Comparison of driving simulator performance and neuropsychological testing in narcolepsy

Sylvia Kotterba, Nicole Mueller, Markus Leidag, Walter Widdig, Kurt Rasche, Jean-Pierre Malin, Gerhard Schultze-Werninghaus, Maritta Orth
Clinical Neurology and Neurosurgery 2004, 106 (4): 275-9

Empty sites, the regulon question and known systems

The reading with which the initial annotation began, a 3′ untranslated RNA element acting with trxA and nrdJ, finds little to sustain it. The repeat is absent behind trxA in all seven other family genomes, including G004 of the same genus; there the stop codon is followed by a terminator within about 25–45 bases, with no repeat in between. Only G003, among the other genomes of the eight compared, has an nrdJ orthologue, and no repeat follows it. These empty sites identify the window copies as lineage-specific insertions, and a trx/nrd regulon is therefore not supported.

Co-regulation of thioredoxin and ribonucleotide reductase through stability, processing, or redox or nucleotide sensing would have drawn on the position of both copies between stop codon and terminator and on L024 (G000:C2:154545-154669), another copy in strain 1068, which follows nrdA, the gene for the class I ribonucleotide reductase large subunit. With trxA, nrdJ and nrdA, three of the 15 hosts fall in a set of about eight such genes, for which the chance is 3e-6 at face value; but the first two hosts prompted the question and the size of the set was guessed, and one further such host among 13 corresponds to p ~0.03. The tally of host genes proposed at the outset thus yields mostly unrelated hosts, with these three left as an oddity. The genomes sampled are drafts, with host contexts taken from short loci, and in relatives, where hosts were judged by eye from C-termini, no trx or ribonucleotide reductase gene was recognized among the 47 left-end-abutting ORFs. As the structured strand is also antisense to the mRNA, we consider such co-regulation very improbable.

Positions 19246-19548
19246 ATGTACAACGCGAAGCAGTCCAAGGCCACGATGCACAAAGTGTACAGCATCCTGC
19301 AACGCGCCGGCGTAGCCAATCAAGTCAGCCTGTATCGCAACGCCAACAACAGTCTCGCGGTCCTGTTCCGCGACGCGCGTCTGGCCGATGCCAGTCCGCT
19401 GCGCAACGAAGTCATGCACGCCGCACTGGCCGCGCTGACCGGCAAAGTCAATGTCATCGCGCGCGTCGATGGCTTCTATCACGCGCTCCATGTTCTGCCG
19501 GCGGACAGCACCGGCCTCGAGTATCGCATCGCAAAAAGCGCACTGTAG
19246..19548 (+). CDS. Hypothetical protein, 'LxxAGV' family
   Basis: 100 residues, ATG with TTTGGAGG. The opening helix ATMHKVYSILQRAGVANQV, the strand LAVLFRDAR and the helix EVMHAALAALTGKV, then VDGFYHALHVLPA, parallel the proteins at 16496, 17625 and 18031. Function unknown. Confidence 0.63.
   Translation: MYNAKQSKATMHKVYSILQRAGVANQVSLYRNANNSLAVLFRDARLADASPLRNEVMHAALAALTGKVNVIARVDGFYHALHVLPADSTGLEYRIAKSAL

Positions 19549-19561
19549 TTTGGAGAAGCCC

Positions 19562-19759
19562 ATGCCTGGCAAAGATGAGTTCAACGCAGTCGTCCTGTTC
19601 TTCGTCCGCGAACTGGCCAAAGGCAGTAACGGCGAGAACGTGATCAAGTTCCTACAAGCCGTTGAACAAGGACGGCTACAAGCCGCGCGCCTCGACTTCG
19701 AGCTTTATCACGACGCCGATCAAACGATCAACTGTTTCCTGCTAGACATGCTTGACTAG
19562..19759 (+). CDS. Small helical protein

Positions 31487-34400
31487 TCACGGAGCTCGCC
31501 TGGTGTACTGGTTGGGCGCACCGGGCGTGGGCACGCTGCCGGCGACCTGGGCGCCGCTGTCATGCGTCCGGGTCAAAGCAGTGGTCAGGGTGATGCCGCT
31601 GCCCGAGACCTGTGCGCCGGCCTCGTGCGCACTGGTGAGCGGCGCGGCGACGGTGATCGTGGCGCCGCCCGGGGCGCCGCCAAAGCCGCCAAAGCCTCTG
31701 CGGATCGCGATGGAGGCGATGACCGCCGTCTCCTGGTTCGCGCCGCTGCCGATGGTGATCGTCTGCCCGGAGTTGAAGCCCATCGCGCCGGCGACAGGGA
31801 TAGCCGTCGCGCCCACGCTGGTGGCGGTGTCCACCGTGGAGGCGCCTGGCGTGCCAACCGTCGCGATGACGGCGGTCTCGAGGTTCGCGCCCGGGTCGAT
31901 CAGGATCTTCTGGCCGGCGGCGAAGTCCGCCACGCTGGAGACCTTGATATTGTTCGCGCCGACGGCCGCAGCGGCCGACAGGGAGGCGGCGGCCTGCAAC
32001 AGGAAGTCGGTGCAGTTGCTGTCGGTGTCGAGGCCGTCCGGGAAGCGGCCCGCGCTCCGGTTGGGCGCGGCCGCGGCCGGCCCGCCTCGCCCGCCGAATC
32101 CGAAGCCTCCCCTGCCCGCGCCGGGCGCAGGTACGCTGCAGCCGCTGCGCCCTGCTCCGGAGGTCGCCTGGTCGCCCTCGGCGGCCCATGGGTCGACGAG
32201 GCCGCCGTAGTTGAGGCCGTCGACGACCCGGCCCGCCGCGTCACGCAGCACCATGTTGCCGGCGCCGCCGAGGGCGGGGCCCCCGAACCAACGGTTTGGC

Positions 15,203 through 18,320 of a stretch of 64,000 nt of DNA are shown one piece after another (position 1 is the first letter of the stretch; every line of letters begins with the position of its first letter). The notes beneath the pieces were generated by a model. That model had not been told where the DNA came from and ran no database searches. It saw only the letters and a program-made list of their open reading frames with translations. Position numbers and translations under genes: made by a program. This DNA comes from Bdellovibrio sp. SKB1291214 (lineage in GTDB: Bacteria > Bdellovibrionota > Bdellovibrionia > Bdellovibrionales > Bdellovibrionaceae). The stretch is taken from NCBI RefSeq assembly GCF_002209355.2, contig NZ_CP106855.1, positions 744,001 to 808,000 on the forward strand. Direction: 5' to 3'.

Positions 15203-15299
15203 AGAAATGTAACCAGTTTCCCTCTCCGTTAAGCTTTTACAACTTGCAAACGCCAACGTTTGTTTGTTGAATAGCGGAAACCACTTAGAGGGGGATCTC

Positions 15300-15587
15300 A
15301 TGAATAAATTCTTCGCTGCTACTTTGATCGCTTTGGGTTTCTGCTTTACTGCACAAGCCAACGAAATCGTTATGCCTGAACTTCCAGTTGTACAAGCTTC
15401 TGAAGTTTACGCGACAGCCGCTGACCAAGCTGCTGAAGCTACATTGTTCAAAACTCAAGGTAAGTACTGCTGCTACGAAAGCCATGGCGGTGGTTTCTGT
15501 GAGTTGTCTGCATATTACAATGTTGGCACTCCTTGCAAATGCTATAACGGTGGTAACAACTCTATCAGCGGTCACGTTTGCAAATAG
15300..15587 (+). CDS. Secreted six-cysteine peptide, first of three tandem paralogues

Daytime sleepiness and cataplexy can increase automobile accident rates in narcolepsy. Several countries have produced guidelines for issuing a driving license. The aim of the study was to compare driving simulator performance and neuropsychological test results in narcolepsy in order to evaluate their predictive value regarding driving ability. Thirteen patients with narcolepsy (age: 41.5+/-12.9 years) and 10 healthy control patients (age: 55.1+/-7.8 years) were investigated. By computer-assisted neuropsychological testing, vigilance, alertness and divided attention were assessed. In a driving simulator patients and controls had to drive on a highway for 60 min (mean speed of 100 km/h). Different weather and daytime conditions and obstacles were presented. Epworth Sleepiness Scale-Scores were significantly raised (narcolepsy patients: 16.7+/-5.1, controls: 6.6+/-3.6, P < or = 0.001). The accident rate of the control patients increased (3.2+/-1.8 versus 1.3+/-1.5, P < or = 0.01). Significant differences in concentration lapses (e.g. tracking errors and deviation from speed limit) could not be revealed (9.8+/-3.5 versus 7.1+/-3.2, pns). Follow-up investigation in five patients after an optimising therapy could demonstrate the decrease in accidents due to concentration lapses (P < or = 0.05). Neuropsychological testing (expressed as percentage compared to a standardised control population) revealed deficits in alertness (32.3+/-28.6). Mean percentage scores of divided attention (56.9+/-25.4) and vigilance (58.7+/-26.8) were in a normal range. There was, however, a high inter-individual difference. There was no correlation between driving performance and neuropsychological test results or ESS Score. Neuropsychological test results did not significantly change in the follow-up. The difficulties encountered by the narcolepsy patient in remaining alert may account for sleep-related motor vehicle accidents. Driving simulator investigations are closely related to real traffic situations than isolated neuropsychological tests. At the present time the driving simulator seems to be a useful instrument judging driving ability especially in cases with ambiguous neuropsychological results.

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